Despite generally supporting additional taxes, the Milken Institute has advocated for cutting corporate tax rates as a way of encouraging economic growth. [23]

Public Health

The Milken Institute has supported government-funded public health initiatives. The Milken Institute centers its health initiatives around research on food systems, mental healthcare, and chronic disease. The Institute has advocated for new government-funded nutritional programs and public-private partnerships to improve food security. [24] The Institute has also encouraged government action to address the opioid epidemic and combat obesity. [25] [26]

Milken Institute officials have encouraged President Joe Biden to lean on Congress in order to reinstate key provisions of the left-of-center Affordable Care Act (Obamacare) that had been repealed during the Trump administration. [27] Additionally, contributors to the Milken Institute have advocated for implementing a government-controlled universal health insurance program, though the Institute has not supported attempts to implement socialized single-payer healthcare. [28]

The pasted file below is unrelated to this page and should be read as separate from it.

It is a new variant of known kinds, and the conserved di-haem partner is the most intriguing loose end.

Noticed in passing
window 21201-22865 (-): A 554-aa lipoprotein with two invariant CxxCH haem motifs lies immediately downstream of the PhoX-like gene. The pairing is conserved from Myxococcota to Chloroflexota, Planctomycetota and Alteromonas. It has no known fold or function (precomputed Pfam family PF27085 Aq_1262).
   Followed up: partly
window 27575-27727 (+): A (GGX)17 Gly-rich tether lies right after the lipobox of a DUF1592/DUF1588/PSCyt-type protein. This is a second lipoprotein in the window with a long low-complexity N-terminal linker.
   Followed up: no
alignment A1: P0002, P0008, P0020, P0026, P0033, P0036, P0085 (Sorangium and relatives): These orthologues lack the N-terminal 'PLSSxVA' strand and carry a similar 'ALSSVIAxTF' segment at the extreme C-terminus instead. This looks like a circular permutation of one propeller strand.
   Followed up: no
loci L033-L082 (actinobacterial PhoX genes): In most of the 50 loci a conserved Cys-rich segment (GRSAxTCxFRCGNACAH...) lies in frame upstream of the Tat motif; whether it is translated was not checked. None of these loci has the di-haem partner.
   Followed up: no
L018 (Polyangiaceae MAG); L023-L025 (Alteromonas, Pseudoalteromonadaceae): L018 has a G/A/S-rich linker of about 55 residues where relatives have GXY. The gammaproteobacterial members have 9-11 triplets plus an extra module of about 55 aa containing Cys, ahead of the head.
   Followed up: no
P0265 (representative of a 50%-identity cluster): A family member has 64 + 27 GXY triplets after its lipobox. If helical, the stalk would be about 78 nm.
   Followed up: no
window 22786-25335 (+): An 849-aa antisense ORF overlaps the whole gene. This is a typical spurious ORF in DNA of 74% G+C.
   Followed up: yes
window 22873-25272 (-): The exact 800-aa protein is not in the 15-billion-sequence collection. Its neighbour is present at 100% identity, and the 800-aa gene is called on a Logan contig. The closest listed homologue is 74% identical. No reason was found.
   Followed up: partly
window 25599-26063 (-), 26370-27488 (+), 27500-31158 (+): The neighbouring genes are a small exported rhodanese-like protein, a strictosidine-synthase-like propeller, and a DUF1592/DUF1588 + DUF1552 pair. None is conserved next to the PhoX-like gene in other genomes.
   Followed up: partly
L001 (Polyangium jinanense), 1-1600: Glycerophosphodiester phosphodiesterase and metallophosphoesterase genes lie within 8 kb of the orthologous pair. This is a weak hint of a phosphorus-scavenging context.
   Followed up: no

Much of the Milken Institute’s work on public health promotes the implementation of left-of-center policies on aging. The Institute has advocated for federal programs to fund dementia care and invest in dementia research. [29] The Institute has also argued for increased taxpayer funding for long-term health care for middle-income Americans with chronic illnesses and expanding government-controlled health care programs. [30] The Milken Institute has also called for public investment in retirement programs more broadly, supporting a left-of-center proposal to give every American a $5,884 government bond at birth to be redeemed 20 years later in order to fund their retirement plans. [31]